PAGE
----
Before 1805 the term of service was reduced to 10 years in the infantry, 12 in the cavalry and 14 years in the artillery and engineers. The hussar regiments had no problems with keeping their strength, as there were many volunteers in Hungary, who happily joined their favorite and traditional branch. The 'Hungarian' regiments were the largest of all.

Austrian infantry was divided into two groups 'German' and 'Hungarian' regiments.

The 'Hungarian' regiments were renowned for their fierce fighting spirit, and their grenadiers were best of them. " . The Hungarian infantrymen were at their best when they were in the immediate presence of the enemy, which encouraged Armfeldt to describe them as among the best of Maria Theresa's foot soldiers. The difficulty was not to get them to fight, but to enlist in the first place. they were convinced that they were unsuitable for dismounted service." (Duffy - "Instrument of War" Vol I, p 237)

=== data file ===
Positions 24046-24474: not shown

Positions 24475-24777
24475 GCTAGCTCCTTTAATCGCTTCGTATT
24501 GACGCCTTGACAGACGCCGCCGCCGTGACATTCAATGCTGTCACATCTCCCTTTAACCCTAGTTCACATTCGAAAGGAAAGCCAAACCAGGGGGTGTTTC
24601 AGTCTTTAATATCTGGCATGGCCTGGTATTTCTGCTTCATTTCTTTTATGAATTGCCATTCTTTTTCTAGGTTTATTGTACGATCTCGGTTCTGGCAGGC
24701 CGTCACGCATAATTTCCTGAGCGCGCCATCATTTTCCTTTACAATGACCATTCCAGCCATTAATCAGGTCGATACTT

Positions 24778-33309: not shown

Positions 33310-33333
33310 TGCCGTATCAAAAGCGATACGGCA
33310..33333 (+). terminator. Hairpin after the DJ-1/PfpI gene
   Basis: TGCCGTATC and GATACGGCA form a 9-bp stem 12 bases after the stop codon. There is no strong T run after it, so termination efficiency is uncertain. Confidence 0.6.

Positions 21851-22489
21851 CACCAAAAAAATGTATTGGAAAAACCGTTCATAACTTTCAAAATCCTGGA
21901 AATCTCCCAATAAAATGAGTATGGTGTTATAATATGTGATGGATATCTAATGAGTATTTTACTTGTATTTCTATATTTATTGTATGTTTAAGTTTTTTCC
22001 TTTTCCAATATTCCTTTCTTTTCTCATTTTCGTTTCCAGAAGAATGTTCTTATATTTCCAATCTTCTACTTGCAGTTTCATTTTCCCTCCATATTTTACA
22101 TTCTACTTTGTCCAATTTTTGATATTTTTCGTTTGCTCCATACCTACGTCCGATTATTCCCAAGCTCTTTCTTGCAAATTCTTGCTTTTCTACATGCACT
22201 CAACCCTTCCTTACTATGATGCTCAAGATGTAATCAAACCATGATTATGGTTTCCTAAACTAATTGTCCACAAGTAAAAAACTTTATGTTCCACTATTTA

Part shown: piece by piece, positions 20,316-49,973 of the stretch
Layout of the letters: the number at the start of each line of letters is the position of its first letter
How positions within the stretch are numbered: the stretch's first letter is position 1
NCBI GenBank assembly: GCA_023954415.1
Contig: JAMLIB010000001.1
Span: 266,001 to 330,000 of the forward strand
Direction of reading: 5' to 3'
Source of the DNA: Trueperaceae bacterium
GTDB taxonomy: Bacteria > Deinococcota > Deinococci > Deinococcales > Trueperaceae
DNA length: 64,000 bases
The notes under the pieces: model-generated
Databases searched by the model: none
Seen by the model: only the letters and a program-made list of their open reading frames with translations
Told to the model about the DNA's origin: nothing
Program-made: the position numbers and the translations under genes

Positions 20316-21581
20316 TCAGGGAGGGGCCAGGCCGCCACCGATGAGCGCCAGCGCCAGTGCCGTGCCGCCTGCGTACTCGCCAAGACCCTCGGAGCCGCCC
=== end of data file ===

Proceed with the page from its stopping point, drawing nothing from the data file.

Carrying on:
After 1800 and the first army reorganization the K.K. Österreichisches Heer improved its organization with a new recruiting system and the widening of the duty services, created new units and enlarged the Hungarian troops (probably either for having lost a large amount of crown lands, either under the direct French threats). The great test for this new army was completely failed in 1809, but this, really, could have been considered as the first trial to organize the future &ldquovielen Völkern K.u.K. Armée&rdquo.

The &ldquoStand&rdquo of the Royal Hungarian regular army was, initially, of 12 infantry regiments and 10 light cavalry regiments (Hussars) we must assume the Siebenbürgen or Transylvanian Hussars as part of another territory, the military Border.